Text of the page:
Credit Card Rental Car Insurance: Primary vs Secondary Coverage & Benefits

Dayton Uttinger
Woman holds head in front of car accident

No one wants to be held liable for damage done to a rental car. You typically rent cars when you’re traveling, and you don’t need to add more stress to that situation. So when the rental representative asks if you want to add some insurance, you stop to calculate the risk. Should you?

You might be surprised to learn that your credit card may already have you covered. Find out if you can rely on it when the time comes.

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What is Credit Card Rental Car Insurance?

The rental agency will try to sell you on Collision Damage Waivers (CDWs) or Loss Damage Waivers (LDWs). These are basically just agreements that, for an initial fee, the rental company will not come after you for damage to the car. The rental company already has insurance on the car, but if you have a CDW or a LDW, then they won’t look to your insurance first.

CDWs and LDWs are also what credit cards offer as a perk. However, if you’re planning on using your card’s insurance, understand how the pecking order works first.

Credit Cards and Primary Rental Car Insurance

If you’re at fault in an accident with a rental car, your primary insurance will pay for the bulk of it. In most cases, your credit card will only offer secondary coverage— your personal car insurance will be the primary. That means that the accident will have to be reported to your personal car insurance providers first, and that can raise your insurance premiums, unfortunately.

Your credit card will usually offer secondary insurance, which means that they might reimburse you for your deductible, or pay off costs not covered by your personal insurance.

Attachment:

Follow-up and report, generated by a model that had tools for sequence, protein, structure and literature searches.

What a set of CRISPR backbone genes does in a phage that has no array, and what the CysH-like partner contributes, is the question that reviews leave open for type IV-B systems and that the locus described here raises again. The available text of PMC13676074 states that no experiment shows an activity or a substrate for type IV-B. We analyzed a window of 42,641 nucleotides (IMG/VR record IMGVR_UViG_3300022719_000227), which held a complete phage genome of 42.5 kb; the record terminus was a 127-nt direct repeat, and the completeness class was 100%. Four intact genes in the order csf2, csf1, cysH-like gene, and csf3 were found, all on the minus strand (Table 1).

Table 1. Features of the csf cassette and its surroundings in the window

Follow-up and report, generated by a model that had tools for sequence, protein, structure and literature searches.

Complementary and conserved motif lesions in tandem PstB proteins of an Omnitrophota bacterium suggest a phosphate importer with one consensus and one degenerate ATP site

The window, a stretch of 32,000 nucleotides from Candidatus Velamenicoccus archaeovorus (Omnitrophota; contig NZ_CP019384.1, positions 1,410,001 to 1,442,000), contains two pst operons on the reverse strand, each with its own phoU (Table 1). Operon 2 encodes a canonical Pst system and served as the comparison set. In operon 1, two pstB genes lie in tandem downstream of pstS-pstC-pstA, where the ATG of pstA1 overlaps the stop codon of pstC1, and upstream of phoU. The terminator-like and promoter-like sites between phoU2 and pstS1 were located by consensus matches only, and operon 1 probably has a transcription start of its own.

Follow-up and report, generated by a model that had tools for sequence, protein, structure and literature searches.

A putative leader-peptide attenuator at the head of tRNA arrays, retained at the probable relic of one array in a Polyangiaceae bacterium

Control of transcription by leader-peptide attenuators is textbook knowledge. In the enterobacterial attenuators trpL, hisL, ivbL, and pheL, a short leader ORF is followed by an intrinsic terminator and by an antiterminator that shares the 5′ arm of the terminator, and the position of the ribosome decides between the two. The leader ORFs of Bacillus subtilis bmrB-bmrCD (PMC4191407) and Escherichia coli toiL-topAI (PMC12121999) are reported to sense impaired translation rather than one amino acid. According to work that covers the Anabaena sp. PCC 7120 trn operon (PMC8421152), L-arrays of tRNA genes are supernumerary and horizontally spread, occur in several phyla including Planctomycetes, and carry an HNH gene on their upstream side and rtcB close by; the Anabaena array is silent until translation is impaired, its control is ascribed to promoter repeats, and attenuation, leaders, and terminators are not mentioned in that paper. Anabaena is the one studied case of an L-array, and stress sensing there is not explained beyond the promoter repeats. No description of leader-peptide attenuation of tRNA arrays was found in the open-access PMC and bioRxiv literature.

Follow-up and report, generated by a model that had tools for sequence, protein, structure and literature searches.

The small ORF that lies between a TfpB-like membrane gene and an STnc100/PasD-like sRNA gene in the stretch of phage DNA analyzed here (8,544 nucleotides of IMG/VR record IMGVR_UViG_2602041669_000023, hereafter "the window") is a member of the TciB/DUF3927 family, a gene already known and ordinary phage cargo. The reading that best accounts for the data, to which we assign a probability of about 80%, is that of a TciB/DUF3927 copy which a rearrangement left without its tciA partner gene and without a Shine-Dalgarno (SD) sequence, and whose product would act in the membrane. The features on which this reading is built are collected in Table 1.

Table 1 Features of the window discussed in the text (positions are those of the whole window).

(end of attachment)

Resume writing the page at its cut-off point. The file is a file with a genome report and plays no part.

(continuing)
Rarely, credit cards will offer primary insurance. If this is the case for you, make sure to take advantage of it. If your credit card offers primary insurance, then your personal insurance premiums likely won’t raise, which could save you money in the long run.

What Does Credit Card Rental Car Insurance Cover?

Exactly how far your credit card rental car insurance extends will depend upon the type of card, the bank that issued it, and the creditor’s policies. However, most credit cards will cover towing expenses or fees. If they offer primary coverage, then they will cover the whole scope of CDWs and LDWs, including collision damage and theft.

If you don’t have personal car insurance, then even your secondary credit card coverage could be forced to be your primary in the event of an accident, but that doesn’t mean that they will pay for everything. If you’ve severely damaged the car, or it has been stolen, they won’t be eager to pay off that bill.

Common Exclusions From Coverage

In fact, credit cards insurance typically has a long list of exclusions. Some of the more popular ones include:

  • International accidents
  • Liability coverage
  • Medical expenses
  • Lengthy rentals— most credit cards won’t cover you for several months
  • Exotic sports cars or motorcycles

Does My Credit Card Provide Rental Car Insurance?

Most travel rewards credit cards do offer some sort of rental insurance. It is always a good idea to check in, though, if you’re not sure.

If you don’t have rental car insurance through your credit card, you might be able to add it for an additional fee. Having this extra buffer can do a lot for your peace of mind, so look into the cost of adding it to your current package. You might even be able to get primary coverage!

In general, make sure you know the answers to the following questions before relying on credit card rental car insurance:

  • Is it primary or secondary coverage?
  • Will they cover the make and model that I am renting?
  • Will they cover me for the entire rental period?
  • Will they cover me where I am renting the car?
  • Are there any exclusions that I should be aware of?

Additionally, make sure that you pay for the entire rental with the credit card and that you are the only driver. If you want to claim your card insurance for an accident in which you were not the driver, you’re going to get a lot of pushback.

Most credit cards will require that you refuse the rental company’s CDW or LDW if you want to take advantage of the card’s insurance.

Hopefully, you’ll never find yourself in a situation where you have to rely on credit card rental car insurance, but if you do, you’ll be happy that you got your ducks in a row beforehand. Any accident is stressful, so it pays off to be prepared.

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